Tordo, Silvana

Energy and Extractives Global Practice
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Fields of Specialization
Petroleum sector, Sovereign wealth funds, Strategic investment funds, Climate change adaptation finance
Energy and Extractives Global Practice
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Last updated January 31, 2023
Silvana Tordo is a Lead Energy Economist at the World Bank’s Energy and Extractives Global Practice where she co-leads the Extractives-led Local Economic Development (ELLED) program. Silvana’s publications cover a wide range of topics, including value creation by national oil companies, allocation of petroleum rights, oil and gas taxation, strategic investment funds, industrial policy, and climate-smart policies.

Publication Search Results

Now showing 1 - 2 of 2
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    Strategic Investment Funds: Opportunities and Challenges
    (World Bank, Washington, DC, 2016-10) Halland, Havard ; Noel, Michel ; Tordo, Silvana ; Kloper-Owens, Jacob J.
    Over the past 15 years, the number of government-sponsored strategic investment funds has grown rapidly in countries at all income levels. This paper identifies some of the challenges that these funds face in their endeavor to achieve economic policy objectives while also securing commercial financial returns—the so-called double bottom line. Through the review of the objectives, investment strategies, and operations of a sample of strategic investment funds, this paper outlines ways in which these challenges have been addressed. The paper suggests that properly structured and managed strategic investment funds can be effective vehicles for crowding in private investors to priority investments, thus magnifying the impact of public capital. However, their success rests on the funds' ability to balance policy and commercial objectives, source investment opportunities, and secure the right fund management capacity.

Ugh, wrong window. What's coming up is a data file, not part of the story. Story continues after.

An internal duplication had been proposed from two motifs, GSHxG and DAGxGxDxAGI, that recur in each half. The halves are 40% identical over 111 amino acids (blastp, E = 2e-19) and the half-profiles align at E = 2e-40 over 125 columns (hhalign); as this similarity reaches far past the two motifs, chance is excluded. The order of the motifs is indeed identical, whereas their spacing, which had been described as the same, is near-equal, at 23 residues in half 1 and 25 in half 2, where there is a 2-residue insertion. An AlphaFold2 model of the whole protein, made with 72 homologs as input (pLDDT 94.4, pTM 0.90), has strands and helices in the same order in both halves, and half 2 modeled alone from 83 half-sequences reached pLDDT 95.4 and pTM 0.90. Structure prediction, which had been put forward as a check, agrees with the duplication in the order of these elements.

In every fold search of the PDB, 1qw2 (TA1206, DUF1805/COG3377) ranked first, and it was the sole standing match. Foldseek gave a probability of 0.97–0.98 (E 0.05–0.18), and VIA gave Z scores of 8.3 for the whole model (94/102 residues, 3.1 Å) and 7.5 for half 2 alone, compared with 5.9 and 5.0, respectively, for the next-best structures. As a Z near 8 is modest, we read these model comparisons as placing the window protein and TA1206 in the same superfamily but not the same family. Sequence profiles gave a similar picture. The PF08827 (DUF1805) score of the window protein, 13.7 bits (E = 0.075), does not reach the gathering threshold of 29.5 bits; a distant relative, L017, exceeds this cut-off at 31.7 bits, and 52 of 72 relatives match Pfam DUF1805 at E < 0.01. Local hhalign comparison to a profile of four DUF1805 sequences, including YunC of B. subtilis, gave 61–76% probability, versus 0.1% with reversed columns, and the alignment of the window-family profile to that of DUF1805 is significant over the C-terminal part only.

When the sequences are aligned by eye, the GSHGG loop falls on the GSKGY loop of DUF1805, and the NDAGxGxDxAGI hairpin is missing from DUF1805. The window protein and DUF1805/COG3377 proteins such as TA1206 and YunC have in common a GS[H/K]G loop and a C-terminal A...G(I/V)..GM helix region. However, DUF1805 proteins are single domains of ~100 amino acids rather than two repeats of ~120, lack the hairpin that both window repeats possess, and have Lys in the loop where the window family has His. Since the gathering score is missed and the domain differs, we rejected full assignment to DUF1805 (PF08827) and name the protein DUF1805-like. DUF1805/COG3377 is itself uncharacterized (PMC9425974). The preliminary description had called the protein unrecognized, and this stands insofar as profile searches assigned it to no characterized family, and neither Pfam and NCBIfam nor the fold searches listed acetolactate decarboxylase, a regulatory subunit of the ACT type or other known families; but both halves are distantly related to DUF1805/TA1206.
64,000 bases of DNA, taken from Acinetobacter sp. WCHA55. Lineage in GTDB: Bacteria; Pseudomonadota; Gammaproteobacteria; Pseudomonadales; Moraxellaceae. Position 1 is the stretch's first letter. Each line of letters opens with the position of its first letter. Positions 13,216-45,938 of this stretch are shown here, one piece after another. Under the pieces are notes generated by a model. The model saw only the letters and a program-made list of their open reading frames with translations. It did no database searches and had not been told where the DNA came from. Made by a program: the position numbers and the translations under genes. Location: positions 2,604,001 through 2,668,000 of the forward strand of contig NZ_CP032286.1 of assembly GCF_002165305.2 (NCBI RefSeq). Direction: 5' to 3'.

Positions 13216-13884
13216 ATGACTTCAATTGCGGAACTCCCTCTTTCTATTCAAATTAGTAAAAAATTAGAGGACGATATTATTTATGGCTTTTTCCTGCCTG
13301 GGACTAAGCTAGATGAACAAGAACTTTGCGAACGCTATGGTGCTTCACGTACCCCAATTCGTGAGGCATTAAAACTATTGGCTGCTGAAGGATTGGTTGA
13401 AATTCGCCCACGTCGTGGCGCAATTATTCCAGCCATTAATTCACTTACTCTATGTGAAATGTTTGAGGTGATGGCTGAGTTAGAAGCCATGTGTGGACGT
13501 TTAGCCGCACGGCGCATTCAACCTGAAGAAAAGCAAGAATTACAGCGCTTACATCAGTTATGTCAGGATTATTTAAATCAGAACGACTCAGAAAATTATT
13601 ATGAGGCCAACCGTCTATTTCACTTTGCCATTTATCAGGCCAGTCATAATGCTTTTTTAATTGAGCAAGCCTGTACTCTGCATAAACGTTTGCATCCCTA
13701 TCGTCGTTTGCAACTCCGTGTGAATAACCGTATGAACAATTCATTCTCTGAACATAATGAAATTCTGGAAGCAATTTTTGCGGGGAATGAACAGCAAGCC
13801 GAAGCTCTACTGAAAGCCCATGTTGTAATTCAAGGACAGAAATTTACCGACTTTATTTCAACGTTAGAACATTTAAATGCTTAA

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    Designing Oil Revenue Management Mechanisms: An Application to Chad
    (World Bank, Washington, DC, 2020-09) Campagne, Benoit ; Kitzmuller, Markus ; Tordo, Silvana
    Oil resources usually play a significant role in oil-rich countries, in gross domestic product and government revenues. High dependence of government revenues on oil can contribute to severe recession following an adverse commodity price shock, such as in 2014. This paper examines the extent to which a fiscal rule or stabilization fund could translate into a less pro-cyclical fiscal policy, with the government saving part of its oil revenues during periods of high prices and drawing down on the savings during difficult periods. Using the macro-structural model MFMod, the paper presents, evaluates, and discusses the strengths and weaknesses of different oil revenue management mechanisms applied to the specific case of Chad. The scenarios demonstrate that a well-designed management rule can successfully insulate the public budget from the oil price cycle, resulting in a significant reduction in the volatility of the economy.